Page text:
In the case of the university reforms, the huge uncertainty imposed by the stalled legislation is starting to cause real problems for the sector. Students preparing to enrol next year currently don’t know what their likely university fees will be, and universities can’t tell them, because they don’t know the fate of Christopher Pyne’s reforms. New Matilda is already hearing anecdotal reports of significant drops in school-leaver enrolments, in large part because of the uncertainty.
Apart from the unrest in the sector, that also delays any budget savings by another year. So much for the adults being back in charge.
Legislative gridlock is therefore starting to pose real problems for a government that, like its predecessor, has made much of its intention of returning the federal budget to surplus. Much of the heavy lifting of getting the Commonwealth back into the black is predicated on welfare and tax changes that have small effects in the short term, but that add up to big savings over years. For instance, the government wants to shave the indexation of many pensions and benefits, which would see them grow more slowly than previously. This adds up to billions by 2017-18.
But if the government can’t pass those changes into law, then it can’t get those savings in place for future budgets. According to analysis by the Australian Financial Review’s Laura Tingle, “there are now budget measures worth about $1.8 billion in 2014-15 in Senate limbo and further losses of savings from measures that will be passed but which have to be delayed.” Tingle estimates the budget bottom line is down about $5 billion by this estimation – on top of the approximately $18 billion blow-out since September 2013.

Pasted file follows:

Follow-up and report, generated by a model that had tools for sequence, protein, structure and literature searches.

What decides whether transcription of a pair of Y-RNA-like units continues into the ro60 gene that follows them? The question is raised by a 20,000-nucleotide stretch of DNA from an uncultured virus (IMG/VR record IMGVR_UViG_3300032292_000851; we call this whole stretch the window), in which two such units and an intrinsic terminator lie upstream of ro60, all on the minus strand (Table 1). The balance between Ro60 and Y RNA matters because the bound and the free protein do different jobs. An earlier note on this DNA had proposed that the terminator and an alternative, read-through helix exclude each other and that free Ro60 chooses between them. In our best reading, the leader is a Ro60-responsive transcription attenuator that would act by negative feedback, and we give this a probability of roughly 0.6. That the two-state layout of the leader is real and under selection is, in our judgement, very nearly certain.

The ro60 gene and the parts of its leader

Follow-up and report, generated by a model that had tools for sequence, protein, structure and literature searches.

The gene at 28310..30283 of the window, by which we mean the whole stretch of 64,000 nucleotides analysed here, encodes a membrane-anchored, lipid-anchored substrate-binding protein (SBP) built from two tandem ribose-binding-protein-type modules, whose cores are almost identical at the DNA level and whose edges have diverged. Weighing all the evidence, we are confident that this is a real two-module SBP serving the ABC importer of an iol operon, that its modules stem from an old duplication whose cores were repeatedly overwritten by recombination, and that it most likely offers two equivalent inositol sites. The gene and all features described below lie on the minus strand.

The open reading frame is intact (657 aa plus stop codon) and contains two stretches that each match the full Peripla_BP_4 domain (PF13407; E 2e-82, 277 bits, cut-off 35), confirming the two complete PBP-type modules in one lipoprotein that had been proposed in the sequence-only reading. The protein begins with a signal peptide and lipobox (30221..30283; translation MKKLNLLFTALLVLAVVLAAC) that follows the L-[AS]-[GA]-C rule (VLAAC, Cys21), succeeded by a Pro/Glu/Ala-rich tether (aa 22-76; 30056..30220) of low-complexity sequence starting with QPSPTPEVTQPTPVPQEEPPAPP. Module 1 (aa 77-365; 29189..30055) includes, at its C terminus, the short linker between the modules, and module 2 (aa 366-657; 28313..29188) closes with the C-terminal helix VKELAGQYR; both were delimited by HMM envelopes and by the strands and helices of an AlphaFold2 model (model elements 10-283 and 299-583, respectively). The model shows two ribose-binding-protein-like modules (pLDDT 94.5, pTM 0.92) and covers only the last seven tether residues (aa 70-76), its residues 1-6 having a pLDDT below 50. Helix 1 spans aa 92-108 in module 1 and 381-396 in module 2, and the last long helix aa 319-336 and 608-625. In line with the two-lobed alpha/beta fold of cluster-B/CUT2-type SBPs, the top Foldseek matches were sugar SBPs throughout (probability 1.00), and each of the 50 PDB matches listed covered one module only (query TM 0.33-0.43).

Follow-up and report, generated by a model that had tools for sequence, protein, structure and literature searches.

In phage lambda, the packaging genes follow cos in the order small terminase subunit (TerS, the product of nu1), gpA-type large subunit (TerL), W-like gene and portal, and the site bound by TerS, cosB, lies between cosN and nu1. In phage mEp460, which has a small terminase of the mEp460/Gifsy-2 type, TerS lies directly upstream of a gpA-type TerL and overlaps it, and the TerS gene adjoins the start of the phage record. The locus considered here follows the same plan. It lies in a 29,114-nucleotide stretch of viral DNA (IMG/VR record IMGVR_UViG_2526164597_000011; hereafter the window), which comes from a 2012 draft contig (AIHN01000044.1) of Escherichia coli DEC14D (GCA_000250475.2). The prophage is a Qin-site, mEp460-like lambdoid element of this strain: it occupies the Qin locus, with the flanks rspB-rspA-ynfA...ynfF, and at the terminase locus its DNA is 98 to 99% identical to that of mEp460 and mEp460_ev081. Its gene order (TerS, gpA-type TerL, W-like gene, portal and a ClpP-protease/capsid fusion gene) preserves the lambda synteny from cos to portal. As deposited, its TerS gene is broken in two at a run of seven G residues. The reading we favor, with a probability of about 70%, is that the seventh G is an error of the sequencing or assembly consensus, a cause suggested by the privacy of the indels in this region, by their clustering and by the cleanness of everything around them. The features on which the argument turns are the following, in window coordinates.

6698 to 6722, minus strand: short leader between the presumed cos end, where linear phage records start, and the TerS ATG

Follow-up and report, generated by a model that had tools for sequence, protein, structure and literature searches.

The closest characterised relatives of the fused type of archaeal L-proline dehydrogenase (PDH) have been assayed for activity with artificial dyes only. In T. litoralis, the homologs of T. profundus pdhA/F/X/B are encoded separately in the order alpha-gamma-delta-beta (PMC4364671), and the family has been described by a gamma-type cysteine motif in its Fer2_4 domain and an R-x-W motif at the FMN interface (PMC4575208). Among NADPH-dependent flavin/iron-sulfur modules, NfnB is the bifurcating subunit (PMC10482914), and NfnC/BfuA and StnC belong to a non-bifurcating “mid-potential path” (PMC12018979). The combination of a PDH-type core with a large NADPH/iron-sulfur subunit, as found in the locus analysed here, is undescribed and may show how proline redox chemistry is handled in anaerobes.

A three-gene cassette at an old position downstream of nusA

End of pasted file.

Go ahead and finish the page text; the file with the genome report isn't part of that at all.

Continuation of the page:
All of which makes Joe Hockey’s next task rather difficult. The forthcoming Mid-Year Economic and Fiscal Outlook, or MYEFO, is shaping as something of a mini-budget. The government is expected to announce more spending cuts, and may even try to introduce a temporary tax or levy to help pay for the cost of the new Iraq war.
All this comes against a backdrop of an economy that is far from firing on all cylinders, despite the alarming recent run-up in house prices in Sydney and Melbourne. Tax revenues continue to disappoint, eroding the gains Hockey has made in the savings already passed.
Hockey now faces a nightmare scenario: all pain, but no gain.
The Treasurer has already had to wear most of the political damage of his harsh budget measures, and will have to wear more as further cuts are announced. If he does push through the really controversial bits, like the health and education changes, that too will impose political damage.
But even if the government gets further cuts through the Senate, that doesn’t mean there will be a pay-off down the track. Hockey’s future budget surpluses, on which the Coalition has set so much stock, now look every bit as illusory as those promised by Wayne Swan.